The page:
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Air Show Returns With F-35 to Barnes Air National Guard Base

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The F-35 stole the show.

“That’s why I’m here,” said Leslie Jordan, of Chicopee, while photographing the country’s newest fighter jet at the Westfield International Air Show on Sunday.

Last month, the Pentagon announced the Air National Guard’s 104th Fighter Wing at Barnes will get 18 of the F-35A Lightning fighter jets starting in late 2025 or early 2026 to replace the aging F-15 Eagles flown here since 2007. Officials celebrated the decision, saying it guarantees the future of the Westfield base for 40 years.

“They are awesome, the best fighter in the world. I was thrilled to hear it was coming here,” said Jordan, a U.S. Navy veteran who lives near Westover Air Reserve Base so he expects to see the new jets flying over his house on occasion.

While the show – the first of its kind since 2017 – did not feature some of the high-profile acts of the past it had plenty to make crowds happy, including the 104th’s own F-15 demonstration team and the F-35 Demonstration Team from the 388th Fighter Wing, Hill Air Force Base. The finale showed the F-35 flying with a World War II-era P-51 Mustang, which was the state-of-the-art fighter at the time, said Maj. Anthony Mutti, an inspector general for the 104th.

“We have had a lot of positive feedback on social media,” he said.

As a F-35 roared through the sky, Mutti wanted to put some concerns at ease explaining what people heard at the air show is not what they will hear every day. The typical takeoff of the one-engine jet is quieter when it is not being used to thrill crowds. Sound studies are still being done, but he said it may be a little quieter than the current F-15s people are used to hearing.

In between demonstrations people gathered around the F-35 parked on the tarmac to check out the star of the show. Crews from the Vermont National Guard’s 158th Fighter Wing based in Burlington answered questions about the jet they have been flying for several years.

Capt. Alex Nielsen, of Easthampton, allowed small groups of people to duck under the rope that kept crowds too close to the jet, and showed them some features of the new jet.

Nielson, now a pilot with the 158th, started his military career as a mechanic at the 104th and later became an F-15 pilot in Westfield. He’s been flying the F-35s with the Vermont National Guard for a little over a year.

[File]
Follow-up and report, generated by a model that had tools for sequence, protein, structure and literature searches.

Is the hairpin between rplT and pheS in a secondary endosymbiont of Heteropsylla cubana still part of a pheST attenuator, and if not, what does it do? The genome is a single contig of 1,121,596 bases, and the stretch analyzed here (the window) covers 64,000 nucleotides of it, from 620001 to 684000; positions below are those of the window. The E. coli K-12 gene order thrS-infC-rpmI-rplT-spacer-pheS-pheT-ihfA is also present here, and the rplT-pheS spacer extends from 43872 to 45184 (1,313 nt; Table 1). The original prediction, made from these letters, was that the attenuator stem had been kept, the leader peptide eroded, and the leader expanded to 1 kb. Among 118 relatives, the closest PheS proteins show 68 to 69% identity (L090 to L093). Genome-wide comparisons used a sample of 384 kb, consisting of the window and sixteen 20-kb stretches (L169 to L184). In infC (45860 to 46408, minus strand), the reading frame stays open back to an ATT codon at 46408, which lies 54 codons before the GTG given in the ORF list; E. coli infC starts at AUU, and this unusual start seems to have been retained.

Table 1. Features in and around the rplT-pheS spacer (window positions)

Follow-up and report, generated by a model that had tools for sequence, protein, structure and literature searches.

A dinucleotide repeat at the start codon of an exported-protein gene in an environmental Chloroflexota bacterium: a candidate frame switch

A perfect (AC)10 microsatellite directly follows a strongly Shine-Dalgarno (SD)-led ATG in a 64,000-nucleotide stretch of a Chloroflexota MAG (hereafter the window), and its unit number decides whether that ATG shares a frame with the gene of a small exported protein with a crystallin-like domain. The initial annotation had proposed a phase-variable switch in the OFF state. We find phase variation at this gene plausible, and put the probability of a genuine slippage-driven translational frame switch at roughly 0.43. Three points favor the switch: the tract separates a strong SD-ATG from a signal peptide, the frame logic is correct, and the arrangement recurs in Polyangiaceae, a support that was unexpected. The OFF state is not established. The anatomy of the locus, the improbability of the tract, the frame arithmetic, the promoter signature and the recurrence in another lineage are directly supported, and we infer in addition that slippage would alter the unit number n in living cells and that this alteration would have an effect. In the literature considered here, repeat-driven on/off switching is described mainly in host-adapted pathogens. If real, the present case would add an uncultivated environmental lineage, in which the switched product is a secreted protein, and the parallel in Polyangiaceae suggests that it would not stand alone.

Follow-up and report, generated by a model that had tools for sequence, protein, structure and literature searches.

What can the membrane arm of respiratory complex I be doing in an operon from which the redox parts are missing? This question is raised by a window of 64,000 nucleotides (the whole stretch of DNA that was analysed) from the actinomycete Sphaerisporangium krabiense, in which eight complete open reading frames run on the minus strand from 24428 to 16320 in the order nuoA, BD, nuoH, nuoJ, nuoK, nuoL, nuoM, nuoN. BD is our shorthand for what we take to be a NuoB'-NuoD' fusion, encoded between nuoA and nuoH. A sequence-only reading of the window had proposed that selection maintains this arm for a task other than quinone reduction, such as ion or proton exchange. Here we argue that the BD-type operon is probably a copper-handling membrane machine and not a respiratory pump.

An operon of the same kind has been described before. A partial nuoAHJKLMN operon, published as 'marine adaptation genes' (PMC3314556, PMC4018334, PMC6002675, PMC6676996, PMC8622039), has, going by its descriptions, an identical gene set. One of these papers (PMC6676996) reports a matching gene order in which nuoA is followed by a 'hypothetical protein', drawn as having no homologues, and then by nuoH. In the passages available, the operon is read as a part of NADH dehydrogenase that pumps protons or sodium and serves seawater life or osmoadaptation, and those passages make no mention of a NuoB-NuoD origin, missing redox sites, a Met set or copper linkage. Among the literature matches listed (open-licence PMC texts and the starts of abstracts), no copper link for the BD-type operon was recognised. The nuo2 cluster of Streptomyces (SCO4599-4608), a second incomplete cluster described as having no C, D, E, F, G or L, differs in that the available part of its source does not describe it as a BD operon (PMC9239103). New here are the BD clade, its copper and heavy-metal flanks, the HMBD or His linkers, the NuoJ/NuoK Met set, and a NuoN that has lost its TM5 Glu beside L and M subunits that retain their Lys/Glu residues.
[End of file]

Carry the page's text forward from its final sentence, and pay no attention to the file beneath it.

When the news that the F-35s were coming to Westfield hit, Nielson said he was thrilled since that means the two units can train and deploy together.

“I will say the F-15 is my first love but this one is a lot easier to fly,” he said.

Leading small groups beyond the rope so they could get a close look at the jet, Nielson asked them not to stray too far and not to touch the plane because the oil on their hands will impact the sophisticated paint that makes it hard to detect on radar.

“It is not invisible. It is designed to delay detection as long as possible,” he said about the design of the jet.

He pointed to nearly invisible cameras on the jet. Those images are transmitted to the pilot’s helmet allowing them to see a full 360 degrees around the plane, which Neilson said is especially useful at night and replaces the need for night vision goggles.

The plane is operated with 16 different buttons on the stick and throttle. Every time there are systems upgrades those functions change so pilots have to learn them all other again – similar and just as frustrating as receiving upgrades on a smartphone, he said.

Nielson talked about the capability of the single engine and ducked underneath to show people the two (empty) weapon bays.

“I’m excited about it. I’ve lived around here all my life,” said Adam Spath, who now lives in Holyoke, a few miles from the base.

“I’ll admit I’m sad to see the F-15s go,” Spath said as he looked at the line-up of the fighter jets which had flown out of Barnes. First on the tarmac was the A-10, which the Airlift Wing flew for nearly 30 years, followed by the F-15 and now the F-35.

Casey Waldo, of Westfield, said he doesn’t see a downside to Barnes getting a new jet, especially after learning more about the plane from the tour.

“It seems like a cool thing going from the F-15 to the F-35 with newer technology,” he said. “It seems like a lot safer plane.”

Roslyn Scheid drove about an hour from West Hartford to attend the Air Show, saying multiple family members including two brothers and two nephews are all members of the military.

She said she believes the sophisticated technology on the plane can serve as a deterrent to war and will make the country safer.

“My brothers say the best defense is a strong offense and this is as strong an offense as you are going to get,” she said.


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